Ground Rules: Fixating on foam

Forty years ago, Scouts eager to stay warm in the winter were encouraged to dress in foam. The 1984 BSA Fieldbook included patterns for making hats, clothing and a sleeping bag from inch-thick polyfoam more often found in mattresses and sofas than the backcountry.

The fellow behind the fixation on foam was Gil Phillips, a longtime Scoutmaster from Albuquerque. He had lived with Inuit people in the far north and studied how they kept body temperatures high as thermometers went low.

Phillips experimented with replacing the animal skins used by the Inuit with furniture foam. It could be cut with scissors and the edges glued together for garments and gear. Foam was cheap, breathable, easy to manage — and it worked.

He taught his Scouts how to wear loose woolen shirts and pants over foam torso and leg liners. They wrapped their feet in foam and laced them into mukluks. Foam mittens and hats completed their attire.

At night, Phillips’ Scouts kept their foam clothing on for added insulation as they crawled into foam sleeping bags wrapped in plastic sheets to shield them from the wind. They could overnight in the open as temperatures plunged toward zero.

Gil believed the simplest winter shelter was a snow trench. A Scout using a carpenter’s saw could cut blocks of snow to make a trench about 3 feet deep and as long and wide as a sleeping bag, and then set the blocks against each other above the trench to form an A-frame roof. For longer-term camps, Scouts would use snow blocks to construct igloos.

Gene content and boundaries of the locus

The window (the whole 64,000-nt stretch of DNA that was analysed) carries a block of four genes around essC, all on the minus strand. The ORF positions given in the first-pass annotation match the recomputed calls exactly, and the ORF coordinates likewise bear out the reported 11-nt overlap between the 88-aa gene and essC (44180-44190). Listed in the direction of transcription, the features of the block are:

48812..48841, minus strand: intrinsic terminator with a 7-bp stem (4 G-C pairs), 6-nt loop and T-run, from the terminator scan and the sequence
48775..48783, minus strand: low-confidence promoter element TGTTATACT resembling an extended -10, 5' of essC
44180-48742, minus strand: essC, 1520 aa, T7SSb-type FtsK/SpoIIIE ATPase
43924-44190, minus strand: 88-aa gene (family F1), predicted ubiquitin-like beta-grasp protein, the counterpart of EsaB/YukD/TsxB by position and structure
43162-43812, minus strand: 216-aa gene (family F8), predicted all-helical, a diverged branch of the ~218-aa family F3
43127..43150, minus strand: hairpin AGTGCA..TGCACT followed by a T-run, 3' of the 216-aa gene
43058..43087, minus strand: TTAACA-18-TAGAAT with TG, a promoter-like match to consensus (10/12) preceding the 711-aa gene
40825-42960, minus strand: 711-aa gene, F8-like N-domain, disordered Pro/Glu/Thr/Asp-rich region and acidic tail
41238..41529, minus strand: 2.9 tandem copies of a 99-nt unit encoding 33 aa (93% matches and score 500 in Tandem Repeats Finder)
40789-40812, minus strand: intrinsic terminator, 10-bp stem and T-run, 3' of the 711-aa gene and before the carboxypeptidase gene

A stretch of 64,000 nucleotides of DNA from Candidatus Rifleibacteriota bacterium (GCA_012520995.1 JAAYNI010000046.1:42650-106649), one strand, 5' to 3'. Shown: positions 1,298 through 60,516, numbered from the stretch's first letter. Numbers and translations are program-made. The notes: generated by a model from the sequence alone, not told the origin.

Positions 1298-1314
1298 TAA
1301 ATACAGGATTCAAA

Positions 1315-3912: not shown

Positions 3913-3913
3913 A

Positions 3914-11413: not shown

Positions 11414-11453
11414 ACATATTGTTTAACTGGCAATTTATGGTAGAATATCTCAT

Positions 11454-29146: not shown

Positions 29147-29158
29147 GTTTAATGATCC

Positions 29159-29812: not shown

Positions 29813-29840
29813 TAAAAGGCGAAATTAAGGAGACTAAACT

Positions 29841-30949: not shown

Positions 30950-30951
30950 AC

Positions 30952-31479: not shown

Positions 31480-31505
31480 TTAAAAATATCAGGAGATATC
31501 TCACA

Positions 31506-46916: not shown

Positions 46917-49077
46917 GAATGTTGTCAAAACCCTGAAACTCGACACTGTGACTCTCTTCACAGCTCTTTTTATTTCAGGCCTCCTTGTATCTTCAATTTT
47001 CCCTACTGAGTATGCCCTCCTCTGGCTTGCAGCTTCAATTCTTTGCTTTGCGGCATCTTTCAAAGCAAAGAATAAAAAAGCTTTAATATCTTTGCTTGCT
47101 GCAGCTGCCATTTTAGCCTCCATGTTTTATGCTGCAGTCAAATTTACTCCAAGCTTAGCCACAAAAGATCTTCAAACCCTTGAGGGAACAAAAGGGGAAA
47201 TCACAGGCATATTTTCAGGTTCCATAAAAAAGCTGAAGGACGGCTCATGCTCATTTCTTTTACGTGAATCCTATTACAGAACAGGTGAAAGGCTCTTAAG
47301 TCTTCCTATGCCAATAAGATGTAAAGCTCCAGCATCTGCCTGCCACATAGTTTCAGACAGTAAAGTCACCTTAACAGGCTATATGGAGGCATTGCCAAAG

Just as important as gear was attitude.

“Don’t fight natural conditions,” Phillips said. “Try to accept and adjust to them sensibly.”

He wanted Scouts to have confidence that they could survive the cold without a fire or stove. For water, they would fill collapsible plastic bottles halfway with snow, and then hang them around their necks so body heat could melt the contents.

Cheese, raisins, jerky and nuts formed the basis of a no-cook menu. Phillips also carried a No. 10 can for a cookpot and an old steel frying pan for times when he did have the luxury of a stove for preparing soup, bacon and other treats.

Today, we have high-tech fill materials for clothing and sleeping bags, though the principles of insulation and being smart are as important as they were when Phillips was camping.

“Relax and be confident,” he told his Scouts.

In other words, Be Prepared, even if that means wrapping up in furniture foam and burrowing into a drift of snow.

Robert Birkby is author of three editions of The Boy Scout Handbook, two editions of the BSA’s Fieldbook and the latest edition of the Conservation Handbook. Find him at

Photos courtesy of Robert Birkby.

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